Thanks to recent changes, the $100,000 modified adjusted gross income (MAGI) and tax filing status limits on Roth conversions have been removed beginning in 2010. Plus, for 2010 only, you can spread your potential tax burden for the conversion into equal installments over tax years 2011 and 2012.
Why Convert to a Roth? Roth IRAs have a number of potential advantages over Traditional IRAs and qualified retirement plans like 401(k)s, 403(b)s, or 457 plans. While these types of plans allow for tax-deferred growth on your retirement assets, Roth IRAs also offer tax-free growth on potential earnings distributed after age 59½, death, disability, or first time homebuyers as long as you hold the Roth for at least five years. Other positive features include:
- With a Roth IRA, unlike Traditional IRAs, there is no requirement to begin taking required minimum distributions at age 70½.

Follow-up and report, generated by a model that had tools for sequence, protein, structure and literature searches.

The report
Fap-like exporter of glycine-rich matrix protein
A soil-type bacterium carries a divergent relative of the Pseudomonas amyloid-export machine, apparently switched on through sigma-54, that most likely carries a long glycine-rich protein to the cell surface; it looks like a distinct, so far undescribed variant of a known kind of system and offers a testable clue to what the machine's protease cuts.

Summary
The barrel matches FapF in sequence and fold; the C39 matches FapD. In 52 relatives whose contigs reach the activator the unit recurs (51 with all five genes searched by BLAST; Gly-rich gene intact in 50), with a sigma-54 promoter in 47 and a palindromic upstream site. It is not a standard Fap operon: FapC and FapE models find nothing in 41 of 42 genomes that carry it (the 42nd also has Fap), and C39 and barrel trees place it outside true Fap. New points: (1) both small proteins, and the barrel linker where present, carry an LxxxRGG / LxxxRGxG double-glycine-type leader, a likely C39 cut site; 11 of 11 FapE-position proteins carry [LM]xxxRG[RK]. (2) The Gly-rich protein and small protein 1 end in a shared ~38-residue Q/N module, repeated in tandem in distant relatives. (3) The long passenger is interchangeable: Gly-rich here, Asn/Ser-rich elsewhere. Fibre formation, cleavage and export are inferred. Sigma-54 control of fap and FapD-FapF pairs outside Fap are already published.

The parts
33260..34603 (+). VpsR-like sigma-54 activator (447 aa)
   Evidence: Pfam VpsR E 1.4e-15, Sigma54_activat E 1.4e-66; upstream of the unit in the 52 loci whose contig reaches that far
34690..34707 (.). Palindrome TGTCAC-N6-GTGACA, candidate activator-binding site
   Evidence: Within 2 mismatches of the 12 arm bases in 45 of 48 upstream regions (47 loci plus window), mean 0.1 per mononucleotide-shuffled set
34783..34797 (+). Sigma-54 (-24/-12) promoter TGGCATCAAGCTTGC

- Roth IRA beneficiaries can also enjoy tax-free distributions, supporting important estate planning options.
- Tax diversification of retirement assets allows for more flexibility to manage taxable income in retirement.
Generally, Roth IRA conversions may make sense if you:
- Won’t need the converted Roth funds for at least five years
- Expect to be in a higher tax bracket during retirement
- Can pay the conversion taxes without using the IRA funds themselves
- May not need the funds for retirement and may want to transfer them to your heirs
Speak with your tax advisor to help assess your own situation. Here are a few things to consider:
- The conversion could elevate you to a higher tax bracket
- Smaller conversions over time might make more sense
- Potential tax rate changes for the 2011 and 2012 tax years
- Investment losses you may recently have experienced might result in a lower conversion tax bill